“Seek the kingdom of God above all else, and he will give you everything you need.” (Luke 12:31)
A jack-in-the-box is a weird toy, right? A child can just be cranking the handle, enjoying the music, when all of a sudden, a clown surprisingly jumps up. It’s shocking. The child might laugh or cry, it could go either way.
Jesus’s parables are sometimes like a jack-in-the-box. He’s telling the story, and everyone’s nodding their heads, thinking, “that’s right, Jesus,” when all of a sudden, the unexpected happens and we don’t know whether to laugh, cry, or pray for forgiveness.
In Luke 12:13-23, Jesus tells one of these stories. On this occasion, a man asked Jesus to tell his brother to divide their father’s estate with him. Jesus saw into the man’s heart. He told the man to guard against greed because life isn’t measured by how much we own.
Then Jesus tells a story, as only Jesus can do.
A rich man had a fertile farm that produced fine crops. He said to himself, “What should I do? I don’t have room for all my crops.” Then he said, “I know! I’ll tear down my barns and build bigger ones. Then I’ll have room enough to store all my wheat and other goods. And I’ll sit back and say to myself, ‘My friend, you have enough stored away for years to come. Now take it easy! Eat, drink, and be merry!’” (Luke 12:16-19)
Back in that time and place, prosperity was commonly accepted as a sign of God’s favor and blessing. The listeners of this story were probably nodding, agreeing with the man’s effort to lay up riches for himself. Little did they know that Jesus was about to spring a jack-in-the-box moment on them.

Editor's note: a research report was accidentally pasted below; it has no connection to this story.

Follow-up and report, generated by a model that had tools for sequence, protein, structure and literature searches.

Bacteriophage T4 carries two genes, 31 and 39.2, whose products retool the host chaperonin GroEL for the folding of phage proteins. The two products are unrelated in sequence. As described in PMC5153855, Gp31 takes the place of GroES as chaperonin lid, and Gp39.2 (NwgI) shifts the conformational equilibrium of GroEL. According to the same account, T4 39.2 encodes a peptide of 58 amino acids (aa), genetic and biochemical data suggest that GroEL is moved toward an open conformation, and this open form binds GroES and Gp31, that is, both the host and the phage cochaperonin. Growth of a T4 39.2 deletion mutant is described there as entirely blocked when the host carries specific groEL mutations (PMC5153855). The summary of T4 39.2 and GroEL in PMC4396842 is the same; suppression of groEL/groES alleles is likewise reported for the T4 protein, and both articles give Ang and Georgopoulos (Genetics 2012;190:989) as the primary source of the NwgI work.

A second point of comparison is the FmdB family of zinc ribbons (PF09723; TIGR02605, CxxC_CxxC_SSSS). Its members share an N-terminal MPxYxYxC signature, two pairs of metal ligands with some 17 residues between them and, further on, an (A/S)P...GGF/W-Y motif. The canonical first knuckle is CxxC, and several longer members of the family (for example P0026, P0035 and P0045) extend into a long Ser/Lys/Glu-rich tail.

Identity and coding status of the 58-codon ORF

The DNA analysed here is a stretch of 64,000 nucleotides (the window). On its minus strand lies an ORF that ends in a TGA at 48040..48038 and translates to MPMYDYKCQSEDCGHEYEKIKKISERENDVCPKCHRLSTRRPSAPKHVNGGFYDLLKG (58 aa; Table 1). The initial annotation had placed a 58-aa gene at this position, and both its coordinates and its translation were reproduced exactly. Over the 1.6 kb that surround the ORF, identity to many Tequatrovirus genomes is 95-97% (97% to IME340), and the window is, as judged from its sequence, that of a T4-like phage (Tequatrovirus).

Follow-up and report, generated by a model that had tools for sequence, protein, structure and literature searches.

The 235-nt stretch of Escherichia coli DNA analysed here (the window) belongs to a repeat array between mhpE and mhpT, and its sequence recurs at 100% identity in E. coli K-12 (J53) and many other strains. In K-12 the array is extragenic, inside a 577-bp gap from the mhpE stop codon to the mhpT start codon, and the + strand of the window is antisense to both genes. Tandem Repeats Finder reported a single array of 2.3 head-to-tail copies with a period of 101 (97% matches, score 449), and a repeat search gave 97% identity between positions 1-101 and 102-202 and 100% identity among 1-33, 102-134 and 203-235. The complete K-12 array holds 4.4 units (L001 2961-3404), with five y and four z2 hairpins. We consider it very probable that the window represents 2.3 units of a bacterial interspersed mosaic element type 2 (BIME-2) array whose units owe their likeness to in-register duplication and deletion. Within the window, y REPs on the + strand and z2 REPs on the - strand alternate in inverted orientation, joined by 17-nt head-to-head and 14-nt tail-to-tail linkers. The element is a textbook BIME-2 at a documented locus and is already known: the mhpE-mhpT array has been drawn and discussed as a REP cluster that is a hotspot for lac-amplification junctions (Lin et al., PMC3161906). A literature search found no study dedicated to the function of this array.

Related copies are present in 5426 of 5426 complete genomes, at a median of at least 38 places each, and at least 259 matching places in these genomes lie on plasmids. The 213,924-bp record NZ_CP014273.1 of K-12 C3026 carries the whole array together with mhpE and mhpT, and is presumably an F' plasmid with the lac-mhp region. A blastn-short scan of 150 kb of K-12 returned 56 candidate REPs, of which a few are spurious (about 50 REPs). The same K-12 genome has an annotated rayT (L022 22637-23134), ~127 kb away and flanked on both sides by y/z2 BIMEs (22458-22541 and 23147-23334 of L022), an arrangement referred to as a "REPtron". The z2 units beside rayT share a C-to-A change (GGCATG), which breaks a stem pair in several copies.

But God said to him, “You fool! You will die this very night. Then who will get everything you worked for?” (Luke 12:20)
Jesus didn’t compliment the rich man in the story on his great wisdom and vast wealth, as his listeners must have expected. Instead, Jesus causes everyone listening to rethink their beliefs and assumptions with the words, “you fool.” His listeners had to question whether a life focused on accumulating more and more wealth was actually the life of a fool. We could die at any moment. What good will our possessions do for us then?
Jesus uses this pithy story to teach us that money isn’t as important as we like to think it is. In the kingdom of God, life is about faith. Jesus says it is unbelievers who worry about not having enough money. He advises his followers to seek the kingdom of God above everything else. He promises that those who put God’s kingdom first will have all their needs supplied. When we put the kingdom of God in first place, everything else falls into its proper place.
Dear God, it’s so easy to believe more money and more possessions bring happiness, but I know only you and your kingdom can satisfy my heart and soul. Help me seek your kingdom before anything else. Help me to not worry about my finances, but to trust you to meet my needs. In Jesus’s name, amen.